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EDITORIAL: With apologies to all those drunken sailors

The Biden budget deficit this fiscal year probably will exceed $1.6 trillion. This from a president who has repeatedly tried to pass himself off as a fiscal hawk. But it could have been worse.

“The deficits projected by the (Congressional Budget Office) were smaller than its forecasts from last June,” The New York Times reports, “as a result of annual spending caps imposed by the Fiscal Responsibility Act of 2023.” Translation: Republican control of the House has effectively put a tiny dent in government growth.

Who says fiscal responsibility is dead in Washington? In the current White House, perhaps.

The CBO numbers reveal that the Biden administration’s fiscal record will go down as nothing short of abysmal. Mr. Biden has made $7 trillion COVID-style budgets the new norm. Absent significant reform, the debt as a share of the economy is projected to hit a record high by 2029. Interest payments on the red ink will continue to soar, devouring discretionary spending. Deficits exceeding $2.5 trillion annually won’t be unusual. The next decade will add $19 trillion to the debt.

These recent CBO projections assume reasonable economic growth numbers in coming years. If that fails to materialize — which is highly likely if Democrats succeed in pushing higher taxes and more burdensome regulation — the situation becomes even more dire.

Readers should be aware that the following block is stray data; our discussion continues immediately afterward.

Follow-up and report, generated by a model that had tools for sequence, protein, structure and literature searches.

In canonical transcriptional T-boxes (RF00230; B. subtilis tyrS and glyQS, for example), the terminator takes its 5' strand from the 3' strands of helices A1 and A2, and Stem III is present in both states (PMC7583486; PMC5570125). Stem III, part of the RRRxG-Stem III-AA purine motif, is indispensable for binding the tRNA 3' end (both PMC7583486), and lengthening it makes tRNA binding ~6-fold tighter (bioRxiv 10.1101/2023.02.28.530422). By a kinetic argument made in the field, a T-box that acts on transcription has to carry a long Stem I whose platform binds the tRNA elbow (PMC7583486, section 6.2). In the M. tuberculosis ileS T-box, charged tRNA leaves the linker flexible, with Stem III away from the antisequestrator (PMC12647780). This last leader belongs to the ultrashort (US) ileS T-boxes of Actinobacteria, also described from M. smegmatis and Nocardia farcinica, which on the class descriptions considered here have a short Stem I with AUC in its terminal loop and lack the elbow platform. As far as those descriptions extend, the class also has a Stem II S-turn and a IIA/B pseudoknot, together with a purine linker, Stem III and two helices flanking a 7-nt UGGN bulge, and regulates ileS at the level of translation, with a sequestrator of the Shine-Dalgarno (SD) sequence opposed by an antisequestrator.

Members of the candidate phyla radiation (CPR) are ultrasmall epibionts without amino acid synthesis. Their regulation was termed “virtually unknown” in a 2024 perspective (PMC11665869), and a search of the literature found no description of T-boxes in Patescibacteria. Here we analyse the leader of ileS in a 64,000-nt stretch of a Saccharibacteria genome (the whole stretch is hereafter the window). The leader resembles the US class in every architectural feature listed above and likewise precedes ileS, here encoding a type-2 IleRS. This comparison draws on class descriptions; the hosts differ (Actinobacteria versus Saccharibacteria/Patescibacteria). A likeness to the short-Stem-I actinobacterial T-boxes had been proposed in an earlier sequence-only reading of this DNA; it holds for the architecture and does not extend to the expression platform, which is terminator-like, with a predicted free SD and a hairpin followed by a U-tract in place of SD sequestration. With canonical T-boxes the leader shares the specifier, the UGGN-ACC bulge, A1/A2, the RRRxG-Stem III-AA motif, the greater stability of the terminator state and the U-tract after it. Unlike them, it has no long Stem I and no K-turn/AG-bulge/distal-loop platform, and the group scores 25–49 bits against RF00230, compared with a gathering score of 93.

“This is yet another reminder that politicians put political priorities ahead of the long-term health of the country,” Maya MacGuineas, president of the Committee for a Responsible Federal Budget, said in a statement. “There is no way to look at these eye-popping numbers without realizing we need to make a change.”

The problem is bipartisan. Too many Republicans talk a good game about fiscal sanity but succumb to a Beltway ethos that encourages elected officials to use the Treasury as a slush fund for their re-election efforts. As president, Donald Trump did little to curb spending, and the national debt soared. He has no intention of addressing entitlement spending.

Meanwhile, Mr. Biden hasn’t seen a record spending bill he wouldn’t support. Desperate to boost his sagging re-election chances, the president has been handing out federal largess to a host of favored constituencies, exacerbating the problem. Democrats in the House and Senate are aggressively hostile to any effort to slow the growth of the federal government.

“The longer we wait to address these issues,” writes Veronique de Rugy of George Mason University’s Mercatus Center, “the more severe the consequences will be for future generations. It’s time for our leaders to prioritize the nation’s long-term economic health over short-term political gains and take bold steps toward fiscal responsibility.”


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